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July 31, 2019, 6:50 a.m.

How journalists in Ukraine have turned Telegram into a preferred source of news

“If you post something on a Facebook, it doesn’t necessarily mean that everyone will see your message. With Telegram, you can really reach the entire audience of the channel.”

The messaging app Telegram was built around the idea that communication should be personal and encrypted. But in some countries, it has also become a popular tool for journalists to create public news channels. Here are three takeaways from how that’s evolved in Ukraine.

Reaching a young audience. When Fedir Popadyuk created the first Telegram channel of Ukrains’ka Pravda in 2017, the messenger app was beginning to gain momentum in Ukraine. “I thought, ‘There is a platform, and there are people interested in it,'” said Popadyuk, who oversees the outlet’s Telegram channels. “We need to cover this audience.” Almost half of Telegram’s Ukrainian audience is under the age of 25, according to a survey by the marketing research company Kantar.TNS, and many of them don’t watch television or listen to radio news.

“The purposes of using the messenger app have changed,” said Marina Kostromina, account director at Kantar Ukraine. “While last year it was used mainly for communication with friends, now it is also used for file sharing and news reading.” This trend is a global one over the past few years — but regional characteristics are key in making the app an effective multimedia hub for distributing information, a report of the Tow Center for Digital Journalism found.

Experimenting with formats. Another reason why so many journalists in Ukraine have embraced the chat app is that they find it a convenient platform on which to experiment with formats and tone of voice. And in contrast to WhatsApp, which limits the number of members on a particular channel, Telegram allows an unlimited number of subscribers in a channel and also provides a view counter for posts that includes forwarded copies.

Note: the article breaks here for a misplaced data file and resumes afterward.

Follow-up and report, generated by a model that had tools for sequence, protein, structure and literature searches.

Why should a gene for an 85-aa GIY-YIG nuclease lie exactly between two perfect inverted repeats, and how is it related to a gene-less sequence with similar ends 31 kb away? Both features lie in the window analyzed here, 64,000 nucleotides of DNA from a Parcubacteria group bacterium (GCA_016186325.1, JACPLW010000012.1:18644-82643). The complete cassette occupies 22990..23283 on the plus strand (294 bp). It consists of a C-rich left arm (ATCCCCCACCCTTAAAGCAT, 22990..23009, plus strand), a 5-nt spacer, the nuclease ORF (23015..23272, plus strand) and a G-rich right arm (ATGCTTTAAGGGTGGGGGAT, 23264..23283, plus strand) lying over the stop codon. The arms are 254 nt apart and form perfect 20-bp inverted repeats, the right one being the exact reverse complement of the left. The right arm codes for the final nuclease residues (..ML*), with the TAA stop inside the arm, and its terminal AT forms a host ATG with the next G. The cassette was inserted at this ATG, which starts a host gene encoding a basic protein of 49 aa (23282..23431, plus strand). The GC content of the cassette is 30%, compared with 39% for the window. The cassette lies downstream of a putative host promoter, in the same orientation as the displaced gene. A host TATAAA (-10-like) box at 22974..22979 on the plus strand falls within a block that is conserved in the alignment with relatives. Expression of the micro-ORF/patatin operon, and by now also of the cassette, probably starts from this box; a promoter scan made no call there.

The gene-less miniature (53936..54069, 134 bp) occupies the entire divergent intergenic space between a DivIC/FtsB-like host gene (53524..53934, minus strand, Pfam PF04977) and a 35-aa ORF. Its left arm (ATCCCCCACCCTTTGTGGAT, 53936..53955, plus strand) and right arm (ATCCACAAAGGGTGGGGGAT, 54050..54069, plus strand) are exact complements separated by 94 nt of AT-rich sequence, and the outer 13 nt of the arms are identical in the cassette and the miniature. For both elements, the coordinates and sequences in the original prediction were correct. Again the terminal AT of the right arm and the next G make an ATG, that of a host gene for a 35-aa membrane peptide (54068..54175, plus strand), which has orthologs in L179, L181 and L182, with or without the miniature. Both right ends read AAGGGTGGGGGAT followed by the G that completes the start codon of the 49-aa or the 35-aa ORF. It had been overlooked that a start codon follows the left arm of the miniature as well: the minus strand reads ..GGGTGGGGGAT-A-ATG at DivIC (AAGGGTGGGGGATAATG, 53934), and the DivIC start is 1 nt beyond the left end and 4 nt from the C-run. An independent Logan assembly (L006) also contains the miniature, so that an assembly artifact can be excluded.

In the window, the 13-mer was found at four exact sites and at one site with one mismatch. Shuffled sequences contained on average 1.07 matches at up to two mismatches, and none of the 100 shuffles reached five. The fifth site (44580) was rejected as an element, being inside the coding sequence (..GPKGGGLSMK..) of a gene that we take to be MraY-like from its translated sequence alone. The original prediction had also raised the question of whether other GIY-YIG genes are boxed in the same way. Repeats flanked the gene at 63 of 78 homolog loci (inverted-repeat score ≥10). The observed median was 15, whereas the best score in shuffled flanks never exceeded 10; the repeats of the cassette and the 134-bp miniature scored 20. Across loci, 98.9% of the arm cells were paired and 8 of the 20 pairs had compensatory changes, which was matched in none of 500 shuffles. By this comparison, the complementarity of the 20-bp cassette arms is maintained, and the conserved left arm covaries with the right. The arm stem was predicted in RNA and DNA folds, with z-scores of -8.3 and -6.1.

Oksana Denisova and Tetyana Nikolayenko run a popular channel called The Newsroom. They started the channel when they were both working at The Insider but after leaving that media outlet, Denisova and Nikolayenko developed the channel into a stand-alone product. “We had an understanding that Telegram is quite effective as a medium,” Nikolayenko said. “If you post something on a Facebook, it doesn’t necessarily mean that everyone will see your message. With Telegram, you can really reach the entire audience of the channel.”

Effective engagement and high conversion. “I think there are a number of reasons why Telegram has become so popular,” said Ivan Oberemko, who created the Telegram channel for a popular show with the unusual name #@)₴?$0, one of the fastest-growing channels in the country. “For the reader, it’s a convenient platform — not overloaded with content, but also with offline access. For the publisher, there is no need for comments. Everyone is fed up with it on Facebook and Twitter. And Telegram provides very high conversion rates for audience responses, conversion from views to page visits, views in real life.”

Telegram’s encryption plays a major role in another news channel at Ukrains’ka Pravda called УП. Off the Record. (Its tagline: “Наші джерела повідомляють…,” or “Our sources report…”) Here the newsroom publishes insider information that comes from official sources in politics or business. “I know that sometimes journalists are using secret chats in Telegram for corresponding with politicians,” said Popadyuk. “It is very convenient because all messages disappear and there are no traces left.”

While Telegram has been criticized for loopholes in user data protection and has come under pressure in Russia and Hong Kong, none of the interviewees in this article mentioned security issues or pressure from the government. After all, in Ukraine, politicians like the current president Volodymyr Zelensky are using Telegram themselves in their election campaigns.

Tanya Gordiienko is a Ukrainian journalist and photographer. A version of this story appeared at the European Journalism Observatory.

POSTED     July 31, 2019, 6:50 a.m.
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